1 December 2004
Royal Humane Society, large silver medal (successful) (Do. Edger (sic) vitam ob Restitvtam 1796), unmounted, slight edge bruising, minor contact marks, very fine £160-200
A 1st type medal, the dies prepared by Lewis Pingo (1743-1830).
In a letter addressed to the Treasurer of the Royal Humane Society, dated Fakenham (Norfolk) April 19th., Dr Thomas Edgar wrote, ‘Dear Sir, On the 12th of April, a storm of thunder and hail suddenly came on, succeeded by a most vivid flash of lightening. - I was requested to visit J. Mitchell, who was struck dead with lightening; and had been an apparent corpse half an hour: his eyes were much dilated; and the countenance exhibited a ghastly appearance. Visible marks of the electric fluid were on his knees, ancles (sic), and feet. I commenced the Plans recommended by your highly-valuable Humane Society, which, in three quarters of an hour, was productive of spasms, and the return of animation. - My patient took to his bed for some days; but, by strict medical attention he is now perfectly restored.’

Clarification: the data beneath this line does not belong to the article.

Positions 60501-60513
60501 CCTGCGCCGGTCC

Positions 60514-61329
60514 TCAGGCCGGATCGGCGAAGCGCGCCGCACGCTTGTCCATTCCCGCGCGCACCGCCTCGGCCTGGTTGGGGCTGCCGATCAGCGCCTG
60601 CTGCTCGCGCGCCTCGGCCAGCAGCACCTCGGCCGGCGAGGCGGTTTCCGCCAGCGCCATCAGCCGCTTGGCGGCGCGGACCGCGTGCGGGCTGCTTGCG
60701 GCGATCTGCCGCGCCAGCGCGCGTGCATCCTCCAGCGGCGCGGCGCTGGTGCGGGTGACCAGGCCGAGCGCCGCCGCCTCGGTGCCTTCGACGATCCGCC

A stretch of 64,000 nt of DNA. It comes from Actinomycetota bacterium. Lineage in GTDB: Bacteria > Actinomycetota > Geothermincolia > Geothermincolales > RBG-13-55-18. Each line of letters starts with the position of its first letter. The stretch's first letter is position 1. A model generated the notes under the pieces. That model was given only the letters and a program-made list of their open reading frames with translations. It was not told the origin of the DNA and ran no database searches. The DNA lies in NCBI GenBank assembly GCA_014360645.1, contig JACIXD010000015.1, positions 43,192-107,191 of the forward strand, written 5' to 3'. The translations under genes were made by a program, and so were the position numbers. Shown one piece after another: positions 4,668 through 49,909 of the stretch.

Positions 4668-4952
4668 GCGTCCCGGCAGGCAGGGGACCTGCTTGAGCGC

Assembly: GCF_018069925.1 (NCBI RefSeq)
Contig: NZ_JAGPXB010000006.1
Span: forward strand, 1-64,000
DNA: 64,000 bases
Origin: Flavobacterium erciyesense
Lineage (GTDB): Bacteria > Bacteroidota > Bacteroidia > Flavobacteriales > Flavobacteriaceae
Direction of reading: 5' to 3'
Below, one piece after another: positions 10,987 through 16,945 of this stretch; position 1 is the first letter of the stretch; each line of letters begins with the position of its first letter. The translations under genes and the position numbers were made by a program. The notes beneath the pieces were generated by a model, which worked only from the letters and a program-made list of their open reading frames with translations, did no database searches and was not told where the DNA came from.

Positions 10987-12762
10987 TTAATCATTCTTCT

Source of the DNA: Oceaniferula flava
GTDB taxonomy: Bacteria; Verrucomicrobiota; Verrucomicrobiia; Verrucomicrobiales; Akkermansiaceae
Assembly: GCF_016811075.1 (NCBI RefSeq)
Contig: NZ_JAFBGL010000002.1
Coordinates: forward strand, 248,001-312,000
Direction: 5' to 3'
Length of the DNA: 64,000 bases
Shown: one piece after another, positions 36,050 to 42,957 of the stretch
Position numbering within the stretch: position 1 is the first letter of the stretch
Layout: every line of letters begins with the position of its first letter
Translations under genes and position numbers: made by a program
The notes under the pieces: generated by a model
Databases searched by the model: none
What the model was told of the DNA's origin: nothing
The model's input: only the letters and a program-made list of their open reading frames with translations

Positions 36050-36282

Dr Edgar was one of several gentlemen awarded the Society’s Medal in Silver in 1796 for restoring to life those who had been apparently struck dead by lightning. A note in the Society’s minutes of the time records, ‘Persons struck dead by lightning have been often considered by many people as the immediate objects of Divine Wrath - by others, more charitably inclined, as the peculiar favourites of Heaven; while it has been concluded by both parties, that any attempt to restore them must not only be vain, but presumptuous. The success of the Royal Humane Society has corrected popular prejudice, and proved that persons, provided no fatal laceration ensued, may be restored to life.’
In a letter addressed to the Managers of the Royal Humane Society, dated Fakenham, June 3rd, Dr Edgar wrote, ‘Gentlemen, I have received the Medallion of the R.H.S. and assure you the Premium will be placed nearest my heart. That an Institution so honourable to the British Nation may meet with every possible success, is the earnest prayer of Thomas Edgar.’
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